So what happens as the air moves past the summit? Generally, it will start to descend the leeward slope; as it moves downward it is compressed and hence it warms (kinetic energy increases).  As a parcel warms with no change in its water vapor content the RH drops below 100% and the droplets (crystals) begin to evaporate (sublimate)- this is the trailing edge of the cloud.  The shape of a mountain cloud cap as seen from below is often symmetrical with respect to the leading and trailing edges but they don't have to be (photo above shows an asymmetrical cloud).  Sometimes the edges are smooth and other times ragged.  Flow around the sides of the upper mountain may produce some additional clouds as well.  Cloud caps form and dissipate over the course of a few minutes and their duration (summer) is typically on the order of half-hour to hours.  During the winter these may last for days during the passage of a storm.
Massive outbreak of lee waves.

Lenticular clouds on the other hand are produced when a wave in the atmosphere is generated by the flow of air over the summit of a mountain, ridgeline, or mountain range.  This occurs in response to a fairly narrow range of atmospheric parameters hence they only develop from time-to-time.  In short, energy is produced by air moving over the summit which is then transmitted upward through the atmosphere.  Depending on the change with height of air temperature, windspeed and wind direction, this energy may be transmitted well into the stratosphere (miles above the source region), the result is a single wave above the mountain.  At other times, a 'wave guide' may form in the atmosphere in which case a large part of the upward energy is reflected back down towards the mountain.  If these two waves are in phase they will superimpose creating what we call a standing wave.  Air is constantly moving through the wave yet the wave itself moves very little with respect to the mountain.  One might be tempted to think these are the same as oceanic swells- in fact they are not.  In the ocean case, wave energy moves horizontally while the water is only displaced vertically, hence the swell from a tsunami can travel 400-600 mph in deep water because only the energy is being transmitted long distances not the water.  In the atmosphere the air is primarily moving horizontally while the energy moves primarily vertically.

Gossamer cloud morphed into much larger cloud cap within an hour.

Standing waves are generated individually or in a group; they may form above the summit, envelope the summit or downstream of the summit (standing lee waves).  When they occur as a group the horizontal wavelength is often on the order of 3-10 miles.  It is one thing for a wave to form it is another to be able to see it.  Lenticular clouds form in the crests of standing waves if there is an abundant supply of water vapor.  This is essentially the same process as occurs in upslope flow over the summit; in this case the wave 'forces' the air to ascend and then descend.  Clouds that form in the crests of these waves (lee wave clouds) often have a very smooth appearance, sometimes they are 'stacked' on top of each other leading to some dramatic images if you are in the right place at the right time.  Sometimes wave clouds show some additional smaller scale features within the primary wave- this of course suggest additional processes are in play.  Wave clouds can form over the course of a few minutes and like cloud caps can last for hours or even a day or two.  The vast majority of the time these clouds form over the higher summits of the Cascades but one or twice over the course of the summer conditions are ripe for lenticulars to form for hundreds of miles up and down the Cascade Range (clearly visible in satellite imagery).  Many lenticulars form during the passage of an upper level weather front which in turn produces the aforementioned stability and wind profiles.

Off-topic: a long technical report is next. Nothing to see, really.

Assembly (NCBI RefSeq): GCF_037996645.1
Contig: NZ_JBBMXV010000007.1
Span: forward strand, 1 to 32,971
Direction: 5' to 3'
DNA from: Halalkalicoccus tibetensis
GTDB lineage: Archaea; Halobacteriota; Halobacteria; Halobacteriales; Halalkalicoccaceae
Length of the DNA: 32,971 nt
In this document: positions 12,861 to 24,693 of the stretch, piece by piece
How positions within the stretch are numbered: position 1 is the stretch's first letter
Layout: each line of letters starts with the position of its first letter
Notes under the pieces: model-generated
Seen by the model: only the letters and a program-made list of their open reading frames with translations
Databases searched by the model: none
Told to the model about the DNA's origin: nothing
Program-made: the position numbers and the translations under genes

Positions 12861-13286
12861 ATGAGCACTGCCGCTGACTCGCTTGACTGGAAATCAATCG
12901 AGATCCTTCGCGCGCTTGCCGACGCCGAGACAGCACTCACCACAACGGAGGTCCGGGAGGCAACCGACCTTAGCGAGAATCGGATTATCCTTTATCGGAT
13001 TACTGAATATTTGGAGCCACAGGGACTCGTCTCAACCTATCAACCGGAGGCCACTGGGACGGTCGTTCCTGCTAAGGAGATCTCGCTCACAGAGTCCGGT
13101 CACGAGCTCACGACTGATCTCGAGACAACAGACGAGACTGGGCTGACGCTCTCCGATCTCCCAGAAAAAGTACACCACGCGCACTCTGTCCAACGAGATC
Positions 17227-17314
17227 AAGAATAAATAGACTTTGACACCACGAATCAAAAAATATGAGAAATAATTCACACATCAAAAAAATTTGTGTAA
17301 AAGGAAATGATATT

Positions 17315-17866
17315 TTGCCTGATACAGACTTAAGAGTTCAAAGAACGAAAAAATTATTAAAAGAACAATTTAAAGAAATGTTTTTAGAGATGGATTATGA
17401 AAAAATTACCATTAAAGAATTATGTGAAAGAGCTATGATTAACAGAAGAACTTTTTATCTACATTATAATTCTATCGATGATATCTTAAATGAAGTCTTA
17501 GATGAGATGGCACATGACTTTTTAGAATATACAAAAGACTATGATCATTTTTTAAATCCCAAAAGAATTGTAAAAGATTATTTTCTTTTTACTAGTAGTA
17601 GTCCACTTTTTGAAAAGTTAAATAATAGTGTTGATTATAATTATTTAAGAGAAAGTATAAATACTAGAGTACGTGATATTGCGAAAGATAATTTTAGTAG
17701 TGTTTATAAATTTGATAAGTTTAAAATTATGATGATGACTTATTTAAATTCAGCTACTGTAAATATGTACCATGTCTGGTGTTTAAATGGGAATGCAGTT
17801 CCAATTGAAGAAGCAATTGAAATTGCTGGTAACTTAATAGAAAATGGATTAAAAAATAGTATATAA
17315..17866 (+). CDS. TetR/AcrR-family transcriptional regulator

So what does this all mean to climbers' high on Rainier or any other peak that is prone to generate cloud caps and lenticulars?  Two things should come to mind: wind and lower visibility.  There is not magic windspeed at which cloud caps or lenticulars form: in general minimum speeds are on the order of 25-30 mph.  Let me stress that that figure is a minimum, which you should interpret to mean that in many cases the winds are significantly stronger, sometimes far too strong to climb into.  Secondly, these clouds often produce whiteout conditions due to the production of new snow (occasionally water droplets), or the re-suspension of snow from off the upper mountain.  In the winter and spring it is also not uncommon for rimming (freezing of supercooled water droplets) to occur which will escalate the danger factor considerably.  These clouds are very common in winter however there is so much intervening cloud cover that its uncommon to see them.

Stacked lee wave-July 21, 2017

Are cloud caps and lenticulars predictable? Yes and no.  Don't expect to see predictions for these in your favorite mountain weather forecast or the REC forecast we use here on the hill.  Why? The state of the art is slowly improving however the use of a high-resolution weather model does not guarantee a quality forecast of this nature because the outcome is very sensitive to the initial conditions.  Recall that there is a fine balance between the water vapor content or air and the degree to which it is forced upwards.  If the model(s) is off a little bit in moisture content- it will produce a cloud when it should not and neglect one when it should.